The 1982 Yankee season had been a nightmare. The team finished in fifth place, below five-hundred and had gone through three managers. George Steinbrenner brought Billy Martin back to manage the 1983 club. When the Boss signed Reggie Jackson as a free agent after the 1976 season, Martin had wanted him to sign Campaneris instead. Campy contacted the Yankees about coming to spring training because he had heard they had a shortage of infielders. He was invited to camp and got a break when Roy Smalley went down with appendicitis. Though he didn’t go north with the team he did accept a roster spot with Columbus instead and was called up to the Bronx in early May. He ended up doing a better-than-decent job as Martin’s key infield reserve. He hit .322 in 60 games of action and even stole 6 bases, leaving him with a career total of 649. It was a fitting end to an outstanding 19-year career.
Jackie Jensen was one of the most celebrated Yankee signings in the history of the franchise. He had been a football and baseball star at the University of California, becoming the Golden Bears’ first thousand yard rusher in 1948, just one year after leading the school’s baseball team to the first ever College Baseball World Series title. Placed on academic probation, Jensen quit school in his senior year to play baseball with the American Association’s Oakland Oaks. After just one season, the contracts of Jensen and his Oakland teammate, Billy Martin were sold to the Yankees and New York’s front office began predicting that Jensen would replace Joe DiMaggio as the team’s starting center fielder when The Yankee Clipper was ready to retire. The new golden boy was put on New York’s big league roster and when he was called on to pinch run during the 1950 Fall Classic against the Phillie Whiz Kids, he became the first athlete in history to appear in both the Rose Bowl and the World Series.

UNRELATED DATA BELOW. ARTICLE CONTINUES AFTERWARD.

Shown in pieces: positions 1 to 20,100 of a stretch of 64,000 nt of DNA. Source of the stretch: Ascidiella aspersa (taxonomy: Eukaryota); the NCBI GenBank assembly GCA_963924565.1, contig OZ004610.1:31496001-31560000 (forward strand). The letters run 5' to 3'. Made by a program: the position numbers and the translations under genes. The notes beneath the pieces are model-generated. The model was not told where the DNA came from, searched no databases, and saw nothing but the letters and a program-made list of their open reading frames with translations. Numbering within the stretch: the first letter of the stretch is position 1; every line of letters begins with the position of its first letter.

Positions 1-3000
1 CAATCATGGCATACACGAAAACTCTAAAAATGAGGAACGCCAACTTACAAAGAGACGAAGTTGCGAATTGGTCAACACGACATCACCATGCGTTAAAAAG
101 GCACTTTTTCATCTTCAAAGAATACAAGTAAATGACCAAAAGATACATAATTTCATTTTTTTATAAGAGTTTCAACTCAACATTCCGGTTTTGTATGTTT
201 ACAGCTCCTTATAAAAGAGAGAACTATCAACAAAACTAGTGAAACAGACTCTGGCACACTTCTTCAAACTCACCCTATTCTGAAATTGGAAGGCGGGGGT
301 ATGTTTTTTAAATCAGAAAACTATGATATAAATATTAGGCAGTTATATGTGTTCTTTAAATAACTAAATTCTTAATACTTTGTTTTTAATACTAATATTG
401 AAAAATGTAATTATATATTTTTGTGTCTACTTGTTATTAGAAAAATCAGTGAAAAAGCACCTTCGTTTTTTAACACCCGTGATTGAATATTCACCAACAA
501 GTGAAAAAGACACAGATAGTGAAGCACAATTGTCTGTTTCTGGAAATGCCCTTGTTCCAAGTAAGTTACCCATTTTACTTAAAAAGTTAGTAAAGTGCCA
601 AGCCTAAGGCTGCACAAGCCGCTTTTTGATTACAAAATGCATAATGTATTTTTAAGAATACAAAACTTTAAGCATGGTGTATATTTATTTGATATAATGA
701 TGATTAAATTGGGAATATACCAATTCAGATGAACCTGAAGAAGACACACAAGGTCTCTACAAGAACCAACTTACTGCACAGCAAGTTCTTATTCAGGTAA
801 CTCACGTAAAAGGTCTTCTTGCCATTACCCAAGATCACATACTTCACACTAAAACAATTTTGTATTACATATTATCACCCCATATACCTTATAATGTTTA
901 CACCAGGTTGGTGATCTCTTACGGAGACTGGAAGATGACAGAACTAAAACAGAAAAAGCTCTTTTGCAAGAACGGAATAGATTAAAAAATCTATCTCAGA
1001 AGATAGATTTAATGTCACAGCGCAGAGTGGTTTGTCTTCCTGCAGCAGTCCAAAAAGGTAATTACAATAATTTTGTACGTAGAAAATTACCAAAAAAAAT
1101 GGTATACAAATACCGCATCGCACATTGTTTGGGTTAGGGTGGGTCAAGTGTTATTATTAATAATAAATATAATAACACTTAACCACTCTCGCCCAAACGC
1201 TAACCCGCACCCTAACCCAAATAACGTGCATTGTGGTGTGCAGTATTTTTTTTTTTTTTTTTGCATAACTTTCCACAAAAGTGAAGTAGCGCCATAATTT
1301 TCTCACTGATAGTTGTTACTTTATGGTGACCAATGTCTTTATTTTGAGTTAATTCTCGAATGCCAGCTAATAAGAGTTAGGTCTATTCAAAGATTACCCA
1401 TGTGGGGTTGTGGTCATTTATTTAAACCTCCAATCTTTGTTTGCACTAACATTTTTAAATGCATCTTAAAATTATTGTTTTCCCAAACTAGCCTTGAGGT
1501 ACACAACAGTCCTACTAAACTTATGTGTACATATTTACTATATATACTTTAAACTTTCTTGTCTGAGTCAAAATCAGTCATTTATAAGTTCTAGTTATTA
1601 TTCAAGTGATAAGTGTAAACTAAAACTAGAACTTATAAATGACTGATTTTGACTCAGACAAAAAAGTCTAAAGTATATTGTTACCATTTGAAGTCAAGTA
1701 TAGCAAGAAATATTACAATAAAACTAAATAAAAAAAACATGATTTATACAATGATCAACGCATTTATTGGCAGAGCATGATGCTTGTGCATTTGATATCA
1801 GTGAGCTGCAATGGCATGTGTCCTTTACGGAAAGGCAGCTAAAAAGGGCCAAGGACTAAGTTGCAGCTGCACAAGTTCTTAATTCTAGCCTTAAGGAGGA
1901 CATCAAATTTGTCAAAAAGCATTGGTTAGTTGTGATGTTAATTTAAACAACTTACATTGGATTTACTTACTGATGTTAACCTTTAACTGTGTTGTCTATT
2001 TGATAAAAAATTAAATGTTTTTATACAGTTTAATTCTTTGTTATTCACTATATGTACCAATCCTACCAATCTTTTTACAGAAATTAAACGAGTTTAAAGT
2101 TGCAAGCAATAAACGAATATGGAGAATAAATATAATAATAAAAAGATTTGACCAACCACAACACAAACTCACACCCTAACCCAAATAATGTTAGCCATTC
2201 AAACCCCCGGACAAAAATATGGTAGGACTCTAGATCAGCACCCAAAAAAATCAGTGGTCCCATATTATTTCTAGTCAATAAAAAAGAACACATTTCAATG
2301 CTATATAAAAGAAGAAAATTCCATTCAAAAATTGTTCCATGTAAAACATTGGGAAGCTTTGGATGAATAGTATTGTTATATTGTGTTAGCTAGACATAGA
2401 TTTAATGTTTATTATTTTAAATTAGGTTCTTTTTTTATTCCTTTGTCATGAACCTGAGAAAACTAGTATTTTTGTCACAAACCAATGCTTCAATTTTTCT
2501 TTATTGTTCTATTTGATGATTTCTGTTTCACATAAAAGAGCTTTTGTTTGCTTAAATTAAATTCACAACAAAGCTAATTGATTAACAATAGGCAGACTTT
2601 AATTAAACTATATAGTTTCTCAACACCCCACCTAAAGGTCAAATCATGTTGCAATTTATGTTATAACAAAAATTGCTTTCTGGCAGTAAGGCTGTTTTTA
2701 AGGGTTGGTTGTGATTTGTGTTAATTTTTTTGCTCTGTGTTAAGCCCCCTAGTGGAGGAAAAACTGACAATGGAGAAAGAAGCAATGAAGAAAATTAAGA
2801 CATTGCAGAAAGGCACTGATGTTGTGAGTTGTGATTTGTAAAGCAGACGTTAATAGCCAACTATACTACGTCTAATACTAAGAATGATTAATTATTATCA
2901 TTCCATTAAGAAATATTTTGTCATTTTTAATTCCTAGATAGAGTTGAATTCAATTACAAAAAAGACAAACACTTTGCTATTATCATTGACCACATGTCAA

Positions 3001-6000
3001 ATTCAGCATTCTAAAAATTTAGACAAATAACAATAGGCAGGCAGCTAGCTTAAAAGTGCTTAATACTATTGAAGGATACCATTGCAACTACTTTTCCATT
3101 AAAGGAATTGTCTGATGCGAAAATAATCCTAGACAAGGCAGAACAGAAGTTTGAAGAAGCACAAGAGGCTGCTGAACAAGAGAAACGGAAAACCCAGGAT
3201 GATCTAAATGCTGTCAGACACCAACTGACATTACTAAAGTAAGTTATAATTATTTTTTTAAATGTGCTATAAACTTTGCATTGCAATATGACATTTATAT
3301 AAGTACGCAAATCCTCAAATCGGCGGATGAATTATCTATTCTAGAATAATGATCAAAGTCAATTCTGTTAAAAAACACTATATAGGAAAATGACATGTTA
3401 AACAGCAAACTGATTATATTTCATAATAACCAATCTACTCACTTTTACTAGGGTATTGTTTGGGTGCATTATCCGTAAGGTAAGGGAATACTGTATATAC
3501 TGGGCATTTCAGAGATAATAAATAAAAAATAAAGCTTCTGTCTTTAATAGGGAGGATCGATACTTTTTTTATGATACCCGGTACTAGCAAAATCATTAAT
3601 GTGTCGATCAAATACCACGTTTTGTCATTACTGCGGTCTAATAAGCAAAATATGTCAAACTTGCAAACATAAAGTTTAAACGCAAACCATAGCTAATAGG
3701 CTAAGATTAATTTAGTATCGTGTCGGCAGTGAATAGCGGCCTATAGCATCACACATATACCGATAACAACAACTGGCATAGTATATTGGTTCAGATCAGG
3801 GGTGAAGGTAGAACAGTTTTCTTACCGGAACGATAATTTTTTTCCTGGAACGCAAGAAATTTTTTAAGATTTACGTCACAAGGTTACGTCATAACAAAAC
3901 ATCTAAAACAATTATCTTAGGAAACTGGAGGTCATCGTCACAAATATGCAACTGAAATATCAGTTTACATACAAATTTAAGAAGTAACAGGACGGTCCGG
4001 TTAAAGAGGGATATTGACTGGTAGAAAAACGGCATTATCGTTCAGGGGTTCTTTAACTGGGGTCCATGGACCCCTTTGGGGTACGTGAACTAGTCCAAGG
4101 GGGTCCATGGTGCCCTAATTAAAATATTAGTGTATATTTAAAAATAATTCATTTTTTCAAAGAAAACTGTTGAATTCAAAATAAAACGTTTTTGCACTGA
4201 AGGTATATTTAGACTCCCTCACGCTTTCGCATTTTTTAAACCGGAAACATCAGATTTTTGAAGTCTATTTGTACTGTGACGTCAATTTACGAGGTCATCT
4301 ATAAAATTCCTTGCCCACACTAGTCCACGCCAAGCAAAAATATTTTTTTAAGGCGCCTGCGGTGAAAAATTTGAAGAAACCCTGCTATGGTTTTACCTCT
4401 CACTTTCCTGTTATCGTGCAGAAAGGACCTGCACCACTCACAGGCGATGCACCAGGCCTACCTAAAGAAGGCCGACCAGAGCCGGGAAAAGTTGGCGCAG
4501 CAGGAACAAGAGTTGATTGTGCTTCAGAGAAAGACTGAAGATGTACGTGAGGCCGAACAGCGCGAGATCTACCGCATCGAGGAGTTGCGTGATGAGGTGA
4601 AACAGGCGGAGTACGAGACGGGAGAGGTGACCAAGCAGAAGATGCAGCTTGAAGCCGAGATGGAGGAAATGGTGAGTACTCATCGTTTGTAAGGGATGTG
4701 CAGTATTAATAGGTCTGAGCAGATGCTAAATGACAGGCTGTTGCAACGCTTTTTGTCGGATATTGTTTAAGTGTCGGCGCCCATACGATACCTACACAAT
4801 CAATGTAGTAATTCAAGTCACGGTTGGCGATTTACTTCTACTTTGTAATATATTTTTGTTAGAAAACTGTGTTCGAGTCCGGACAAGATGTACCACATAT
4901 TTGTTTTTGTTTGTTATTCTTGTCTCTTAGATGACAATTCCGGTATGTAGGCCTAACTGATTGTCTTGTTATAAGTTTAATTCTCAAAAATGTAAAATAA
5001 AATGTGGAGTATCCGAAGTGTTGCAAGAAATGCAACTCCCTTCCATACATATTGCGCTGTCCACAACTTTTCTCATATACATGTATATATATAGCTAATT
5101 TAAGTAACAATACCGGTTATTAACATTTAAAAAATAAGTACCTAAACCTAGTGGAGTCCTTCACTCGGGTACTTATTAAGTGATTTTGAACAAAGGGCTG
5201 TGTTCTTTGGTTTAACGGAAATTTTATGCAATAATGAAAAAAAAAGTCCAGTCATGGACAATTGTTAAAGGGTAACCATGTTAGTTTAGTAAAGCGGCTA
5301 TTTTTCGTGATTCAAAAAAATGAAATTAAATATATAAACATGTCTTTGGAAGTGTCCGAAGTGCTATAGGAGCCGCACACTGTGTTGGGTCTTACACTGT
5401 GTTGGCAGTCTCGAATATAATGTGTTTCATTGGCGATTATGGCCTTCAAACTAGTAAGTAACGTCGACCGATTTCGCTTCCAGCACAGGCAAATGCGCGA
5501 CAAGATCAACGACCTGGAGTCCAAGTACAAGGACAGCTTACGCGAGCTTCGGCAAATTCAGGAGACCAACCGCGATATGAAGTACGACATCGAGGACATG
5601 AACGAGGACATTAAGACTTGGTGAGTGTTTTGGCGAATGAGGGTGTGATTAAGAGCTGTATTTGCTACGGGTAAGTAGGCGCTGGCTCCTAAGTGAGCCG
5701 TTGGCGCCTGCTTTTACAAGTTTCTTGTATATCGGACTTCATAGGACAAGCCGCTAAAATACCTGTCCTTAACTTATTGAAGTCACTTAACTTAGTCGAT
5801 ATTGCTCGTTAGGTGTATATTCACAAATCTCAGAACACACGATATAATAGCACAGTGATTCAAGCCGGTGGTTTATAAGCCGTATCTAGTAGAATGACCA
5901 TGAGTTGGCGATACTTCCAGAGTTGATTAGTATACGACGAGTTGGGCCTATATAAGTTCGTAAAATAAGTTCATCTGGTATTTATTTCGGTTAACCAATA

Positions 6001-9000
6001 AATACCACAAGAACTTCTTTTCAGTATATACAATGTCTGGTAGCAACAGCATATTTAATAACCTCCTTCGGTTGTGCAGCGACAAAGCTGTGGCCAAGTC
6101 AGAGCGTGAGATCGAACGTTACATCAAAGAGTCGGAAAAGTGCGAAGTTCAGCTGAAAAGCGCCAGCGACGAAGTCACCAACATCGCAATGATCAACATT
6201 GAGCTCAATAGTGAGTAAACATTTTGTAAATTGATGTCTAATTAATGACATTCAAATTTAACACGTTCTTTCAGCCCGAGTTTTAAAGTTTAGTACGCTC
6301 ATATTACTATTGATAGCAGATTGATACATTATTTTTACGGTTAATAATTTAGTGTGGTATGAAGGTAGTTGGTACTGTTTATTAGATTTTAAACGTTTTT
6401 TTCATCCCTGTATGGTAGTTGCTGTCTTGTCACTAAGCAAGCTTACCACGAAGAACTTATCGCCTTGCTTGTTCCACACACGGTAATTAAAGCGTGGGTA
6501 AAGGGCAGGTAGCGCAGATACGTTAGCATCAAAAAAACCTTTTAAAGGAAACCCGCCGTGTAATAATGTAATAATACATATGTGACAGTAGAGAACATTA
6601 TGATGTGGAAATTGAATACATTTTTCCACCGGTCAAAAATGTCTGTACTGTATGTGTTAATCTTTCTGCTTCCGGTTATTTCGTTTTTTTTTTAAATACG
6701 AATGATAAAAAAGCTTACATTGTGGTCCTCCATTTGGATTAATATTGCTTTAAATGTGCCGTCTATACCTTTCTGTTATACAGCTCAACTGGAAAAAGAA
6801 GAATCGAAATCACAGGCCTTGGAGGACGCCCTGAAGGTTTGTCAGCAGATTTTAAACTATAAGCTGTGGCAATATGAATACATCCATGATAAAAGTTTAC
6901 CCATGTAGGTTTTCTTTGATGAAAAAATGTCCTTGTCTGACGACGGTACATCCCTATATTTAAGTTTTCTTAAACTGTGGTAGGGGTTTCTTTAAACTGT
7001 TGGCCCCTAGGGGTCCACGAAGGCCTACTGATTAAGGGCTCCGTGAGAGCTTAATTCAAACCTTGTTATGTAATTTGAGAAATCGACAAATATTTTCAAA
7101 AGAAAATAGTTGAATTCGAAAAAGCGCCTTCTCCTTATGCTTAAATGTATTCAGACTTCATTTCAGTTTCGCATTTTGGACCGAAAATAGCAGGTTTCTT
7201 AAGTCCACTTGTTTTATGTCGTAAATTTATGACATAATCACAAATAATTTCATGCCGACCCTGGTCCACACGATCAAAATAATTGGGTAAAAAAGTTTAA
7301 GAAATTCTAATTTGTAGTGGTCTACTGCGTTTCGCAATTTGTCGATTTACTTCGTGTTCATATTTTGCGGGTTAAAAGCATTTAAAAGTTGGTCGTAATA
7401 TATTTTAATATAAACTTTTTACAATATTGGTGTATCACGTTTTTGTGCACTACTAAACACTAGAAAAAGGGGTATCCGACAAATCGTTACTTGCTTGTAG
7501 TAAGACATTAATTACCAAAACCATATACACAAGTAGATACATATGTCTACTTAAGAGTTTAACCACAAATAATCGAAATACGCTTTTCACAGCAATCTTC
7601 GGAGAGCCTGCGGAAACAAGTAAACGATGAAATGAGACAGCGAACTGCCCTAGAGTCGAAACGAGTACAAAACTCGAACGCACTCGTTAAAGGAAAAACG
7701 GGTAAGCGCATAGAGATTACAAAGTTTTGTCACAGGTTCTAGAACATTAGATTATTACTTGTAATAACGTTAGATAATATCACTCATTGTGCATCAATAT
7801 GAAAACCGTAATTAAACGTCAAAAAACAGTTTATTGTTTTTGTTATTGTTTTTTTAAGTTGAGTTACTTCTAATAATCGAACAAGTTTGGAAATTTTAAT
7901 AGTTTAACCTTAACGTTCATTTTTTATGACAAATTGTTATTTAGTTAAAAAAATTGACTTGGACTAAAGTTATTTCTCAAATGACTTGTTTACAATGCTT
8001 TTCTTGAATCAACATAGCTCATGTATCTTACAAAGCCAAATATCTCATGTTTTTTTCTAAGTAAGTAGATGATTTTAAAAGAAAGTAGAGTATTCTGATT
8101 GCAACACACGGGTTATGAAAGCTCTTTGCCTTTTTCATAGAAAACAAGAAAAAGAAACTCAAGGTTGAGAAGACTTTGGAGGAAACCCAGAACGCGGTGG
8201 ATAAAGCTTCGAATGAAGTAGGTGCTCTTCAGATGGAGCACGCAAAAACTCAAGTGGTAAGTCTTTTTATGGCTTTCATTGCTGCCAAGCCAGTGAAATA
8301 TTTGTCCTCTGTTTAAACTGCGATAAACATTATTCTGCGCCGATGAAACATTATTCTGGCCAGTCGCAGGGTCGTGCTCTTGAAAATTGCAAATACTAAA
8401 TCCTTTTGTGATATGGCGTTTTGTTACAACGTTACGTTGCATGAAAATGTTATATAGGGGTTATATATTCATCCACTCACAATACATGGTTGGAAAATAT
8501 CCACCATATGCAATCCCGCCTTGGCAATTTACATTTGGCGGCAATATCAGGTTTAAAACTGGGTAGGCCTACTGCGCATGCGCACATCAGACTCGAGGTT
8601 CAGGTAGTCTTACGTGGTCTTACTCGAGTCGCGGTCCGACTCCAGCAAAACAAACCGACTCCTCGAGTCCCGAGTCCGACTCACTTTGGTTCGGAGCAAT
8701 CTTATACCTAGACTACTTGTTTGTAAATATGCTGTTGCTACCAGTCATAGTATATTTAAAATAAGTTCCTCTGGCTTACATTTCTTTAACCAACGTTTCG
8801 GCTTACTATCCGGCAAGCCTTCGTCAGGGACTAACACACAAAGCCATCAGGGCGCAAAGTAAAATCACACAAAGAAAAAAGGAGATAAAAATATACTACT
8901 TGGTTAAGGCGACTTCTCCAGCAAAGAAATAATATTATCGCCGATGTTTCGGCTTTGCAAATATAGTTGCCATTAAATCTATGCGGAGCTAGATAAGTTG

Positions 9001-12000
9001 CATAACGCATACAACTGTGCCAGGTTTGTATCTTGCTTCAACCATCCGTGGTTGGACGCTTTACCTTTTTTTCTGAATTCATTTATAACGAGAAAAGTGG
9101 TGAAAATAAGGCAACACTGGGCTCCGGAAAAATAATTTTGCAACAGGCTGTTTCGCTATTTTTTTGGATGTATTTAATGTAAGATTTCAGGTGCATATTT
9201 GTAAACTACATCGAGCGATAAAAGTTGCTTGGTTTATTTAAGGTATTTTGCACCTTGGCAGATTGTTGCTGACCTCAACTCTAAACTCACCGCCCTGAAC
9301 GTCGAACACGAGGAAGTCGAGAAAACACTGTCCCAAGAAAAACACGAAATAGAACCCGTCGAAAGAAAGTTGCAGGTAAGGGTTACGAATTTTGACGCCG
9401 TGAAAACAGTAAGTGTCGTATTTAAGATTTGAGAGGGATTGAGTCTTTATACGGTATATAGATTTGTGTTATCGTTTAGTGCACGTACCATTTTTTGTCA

In 1951, DiMaggio’s final year in pinstripes, Jensen got into 56 games for New York and batted a respectable .298. But DiMaggio’s farewell season was also the rookie campaign of Mickey Mantle and suddenly Jensen was no longer the answer to the question; Who would become the next great Yankee center fielder?